As legislation tightens, online poker giants will soon cease to operate in Australia, where the sector was unregulated until now.
Australia.- Online poker wasn’t too big of a deal when gambling legislation was written in 2001 and, even being illegal in the country, the segment’s giants have found their way to operate in the country through a grey area. However, as the Interactive Gambling Amendment Bill gets closer to being passed by the Parliament, operators are set to shut down their set ups in Australia.
PokerStars, Poker Party and 888Poker are some of the companies that have been providing online poker to up to 130k Australian players for years. However, the new laws’ penalties for unlicensed gambling operations (which go up to a daily US$1.07 million for individuals and US$6.75 million for organisations) is soon to end that scenario, theage.com.au reports.
Despite the bipartisan agree on the law, poker players are up to fight the new amendment and a lobby group has been created to protect the game from the heavy restrictions and to -eventually- get poker providers to get licensed in Australia. Legal gambling would ramp up tax revenue and consumer protection and, according to the lobbyists, it should be treated differently to other forms of gambling as it incorporates elements of skill and strategy, and money is won and lost between players, not to “the house.”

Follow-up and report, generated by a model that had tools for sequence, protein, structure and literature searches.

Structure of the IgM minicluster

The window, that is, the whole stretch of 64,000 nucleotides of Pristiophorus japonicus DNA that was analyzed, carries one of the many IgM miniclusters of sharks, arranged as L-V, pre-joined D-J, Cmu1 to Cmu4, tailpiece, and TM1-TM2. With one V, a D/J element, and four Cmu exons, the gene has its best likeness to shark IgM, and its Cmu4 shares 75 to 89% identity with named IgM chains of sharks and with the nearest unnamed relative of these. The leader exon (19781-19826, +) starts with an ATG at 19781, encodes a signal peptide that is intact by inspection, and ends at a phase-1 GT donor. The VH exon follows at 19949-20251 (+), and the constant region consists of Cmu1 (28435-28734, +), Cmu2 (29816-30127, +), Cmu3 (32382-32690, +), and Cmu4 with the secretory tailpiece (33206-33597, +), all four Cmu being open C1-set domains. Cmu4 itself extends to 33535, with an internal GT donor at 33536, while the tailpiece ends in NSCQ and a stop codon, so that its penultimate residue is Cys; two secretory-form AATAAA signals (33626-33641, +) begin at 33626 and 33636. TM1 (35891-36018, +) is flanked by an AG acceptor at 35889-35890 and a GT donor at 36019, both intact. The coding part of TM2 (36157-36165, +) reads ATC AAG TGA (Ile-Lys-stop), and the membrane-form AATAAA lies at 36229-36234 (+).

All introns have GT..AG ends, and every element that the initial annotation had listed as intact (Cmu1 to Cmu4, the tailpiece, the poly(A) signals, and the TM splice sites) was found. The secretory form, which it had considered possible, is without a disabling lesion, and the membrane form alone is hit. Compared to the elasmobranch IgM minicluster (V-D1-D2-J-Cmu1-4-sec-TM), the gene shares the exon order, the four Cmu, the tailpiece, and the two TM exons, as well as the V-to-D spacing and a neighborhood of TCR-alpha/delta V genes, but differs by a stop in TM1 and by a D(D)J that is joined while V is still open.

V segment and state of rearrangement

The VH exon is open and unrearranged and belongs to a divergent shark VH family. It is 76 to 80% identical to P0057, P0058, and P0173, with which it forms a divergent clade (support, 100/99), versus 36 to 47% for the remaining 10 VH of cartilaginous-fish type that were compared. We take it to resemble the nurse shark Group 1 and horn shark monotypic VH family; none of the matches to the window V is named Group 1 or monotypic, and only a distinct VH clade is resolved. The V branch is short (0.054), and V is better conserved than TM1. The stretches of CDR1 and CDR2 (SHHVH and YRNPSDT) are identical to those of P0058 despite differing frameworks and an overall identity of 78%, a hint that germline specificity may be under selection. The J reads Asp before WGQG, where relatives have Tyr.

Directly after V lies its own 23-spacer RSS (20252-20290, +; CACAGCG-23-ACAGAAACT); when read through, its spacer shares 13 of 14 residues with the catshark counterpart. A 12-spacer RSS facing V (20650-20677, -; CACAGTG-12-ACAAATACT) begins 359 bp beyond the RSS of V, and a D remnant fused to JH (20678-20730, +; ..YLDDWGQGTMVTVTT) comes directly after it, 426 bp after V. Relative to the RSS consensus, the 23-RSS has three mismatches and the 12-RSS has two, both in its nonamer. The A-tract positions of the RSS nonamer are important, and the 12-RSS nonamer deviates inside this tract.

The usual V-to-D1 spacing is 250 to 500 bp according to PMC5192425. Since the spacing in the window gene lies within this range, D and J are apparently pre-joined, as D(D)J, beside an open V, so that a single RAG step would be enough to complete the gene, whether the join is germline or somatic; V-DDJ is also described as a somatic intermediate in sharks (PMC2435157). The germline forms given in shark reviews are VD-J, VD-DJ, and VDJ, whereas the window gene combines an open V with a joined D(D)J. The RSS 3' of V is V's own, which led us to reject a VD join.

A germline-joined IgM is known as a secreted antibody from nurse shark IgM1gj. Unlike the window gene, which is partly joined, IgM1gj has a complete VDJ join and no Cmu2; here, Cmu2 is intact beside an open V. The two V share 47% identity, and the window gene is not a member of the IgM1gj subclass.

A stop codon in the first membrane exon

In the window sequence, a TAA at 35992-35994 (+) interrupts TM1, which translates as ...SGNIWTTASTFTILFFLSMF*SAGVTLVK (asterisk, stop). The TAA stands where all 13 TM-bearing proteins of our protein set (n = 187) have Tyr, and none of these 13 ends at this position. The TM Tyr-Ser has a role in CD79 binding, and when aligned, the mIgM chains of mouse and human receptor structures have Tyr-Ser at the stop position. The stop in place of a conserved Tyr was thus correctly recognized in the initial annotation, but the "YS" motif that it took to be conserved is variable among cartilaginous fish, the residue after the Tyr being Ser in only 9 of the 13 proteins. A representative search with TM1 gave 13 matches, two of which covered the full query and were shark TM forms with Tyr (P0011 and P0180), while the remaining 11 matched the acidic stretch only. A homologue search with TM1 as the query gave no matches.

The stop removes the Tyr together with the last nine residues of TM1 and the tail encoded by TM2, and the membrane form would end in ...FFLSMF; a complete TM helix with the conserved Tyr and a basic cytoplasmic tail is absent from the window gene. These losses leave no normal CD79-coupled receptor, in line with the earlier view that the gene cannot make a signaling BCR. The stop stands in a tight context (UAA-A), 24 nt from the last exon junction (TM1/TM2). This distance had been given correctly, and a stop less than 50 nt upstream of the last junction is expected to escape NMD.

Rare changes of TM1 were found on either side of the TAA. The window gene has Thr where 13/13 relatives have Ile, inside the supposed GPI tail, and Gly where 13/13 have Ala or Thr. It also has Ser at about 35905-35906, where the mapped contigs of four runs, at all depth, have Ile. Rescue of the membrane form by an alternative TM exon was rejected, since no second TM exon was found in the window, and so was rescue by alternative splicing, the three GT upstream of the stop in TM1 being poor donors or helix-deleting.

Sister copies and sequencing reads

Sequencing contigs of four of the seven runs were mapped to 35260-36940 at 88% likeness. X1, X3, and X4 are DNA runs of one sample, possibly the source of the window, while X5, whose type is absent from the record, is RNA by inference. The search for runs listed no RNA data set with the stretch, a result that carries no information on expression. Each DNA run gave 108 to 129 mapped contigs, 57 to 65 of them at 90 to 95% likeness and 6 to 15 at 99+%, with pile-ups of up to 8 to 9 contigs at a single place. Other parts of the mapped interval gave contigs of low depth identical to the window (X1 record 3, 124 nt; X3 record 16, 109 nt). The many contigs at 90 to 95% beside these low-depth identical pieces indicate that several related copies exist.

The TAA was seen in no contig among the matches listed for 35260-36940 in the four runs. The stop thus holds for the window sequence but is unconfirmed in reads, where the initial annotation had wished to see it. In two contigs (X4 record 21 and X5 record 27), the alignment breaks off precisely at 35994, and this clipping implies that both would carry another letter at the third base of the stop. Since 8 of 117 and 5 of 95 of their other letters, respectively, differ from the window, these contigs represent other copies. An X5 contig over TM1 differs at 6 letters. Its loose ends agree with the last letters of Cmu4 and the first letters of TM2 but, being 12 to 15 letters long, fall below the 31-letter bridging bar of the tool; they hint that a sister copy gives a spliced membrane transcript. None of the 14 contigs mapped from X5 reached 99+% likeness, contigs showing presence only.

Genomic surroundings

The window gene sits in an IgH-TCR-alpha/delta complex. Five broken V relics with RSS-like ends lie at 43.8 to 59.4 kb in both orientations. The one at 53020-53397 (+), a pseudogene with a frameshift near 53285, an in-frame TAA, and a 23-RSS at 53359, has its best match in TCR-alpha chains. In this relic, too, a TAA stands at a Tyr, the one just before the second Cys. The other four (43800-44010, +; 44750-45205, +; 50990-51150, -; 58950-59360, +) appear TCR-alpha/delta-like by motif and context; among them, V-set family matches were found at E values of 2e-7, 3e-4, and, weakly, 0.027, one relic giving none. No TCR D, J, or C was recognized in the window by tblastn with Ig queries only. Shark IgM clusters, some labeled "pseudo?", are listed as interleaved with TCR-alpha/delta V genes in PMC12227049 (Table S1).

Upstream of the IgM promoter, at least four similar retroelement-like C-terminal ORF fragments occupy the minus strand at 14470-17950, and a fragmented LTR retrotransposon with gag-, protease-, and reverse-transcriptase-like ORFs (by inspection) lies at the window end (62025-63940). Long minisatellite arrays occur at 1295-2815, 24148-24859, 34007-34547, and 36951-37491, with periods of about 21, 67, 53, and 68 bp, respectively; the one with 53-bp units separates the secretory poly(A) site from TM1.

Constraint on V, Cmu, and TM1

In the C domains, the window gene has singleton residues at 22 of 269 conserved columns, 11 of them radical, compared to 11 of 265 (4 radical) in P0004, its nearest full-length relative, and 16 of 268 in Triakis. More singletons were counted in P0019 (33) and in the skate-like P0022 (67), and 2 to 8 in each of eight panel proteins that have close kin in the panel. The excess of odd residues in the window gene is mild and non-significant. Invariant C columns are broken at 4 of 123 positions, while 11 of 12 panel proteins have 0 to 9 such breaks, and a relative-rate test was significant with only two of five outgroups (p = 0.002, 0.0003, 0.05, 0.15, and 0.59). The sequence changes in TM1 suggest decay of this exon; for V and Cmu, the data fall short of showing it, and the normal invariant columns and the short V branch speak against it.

Last week, Liberal Democrat senator David Leyonhjelm and a Senate committee initiated an inquiry into locals’ online poker participation to analyse the repercusions of the new amendment to Australia’s law, which he considers “rather silly” due to its prohibitionist approach.
However, there has been opposition to his stance from some submissions to the hearing such as the Salvation Army’s, who say that online gambling it’s riskier for problem users than the regular version, or the Australian Institute of Family Studies’ one, that argues that “regular poker players appear to be exceptionally vulnerable to problem gambling and associated harms.”
According to Federal Communications Minister Mitch Fifield, the amendment’s purpose is to prohibit services such as online poker: “With the law being clarified, it is evident that a number of these operators have begun withdrawing their services from Australians. Whilst I appreciate that this is not welcomed by those individuals who have been using these services, it is a fact that online poker has always been a prohibited service under the act. It is not something that this bill is enacting. Whether online poker should be legal in Australia or not is a separate debate,” he said.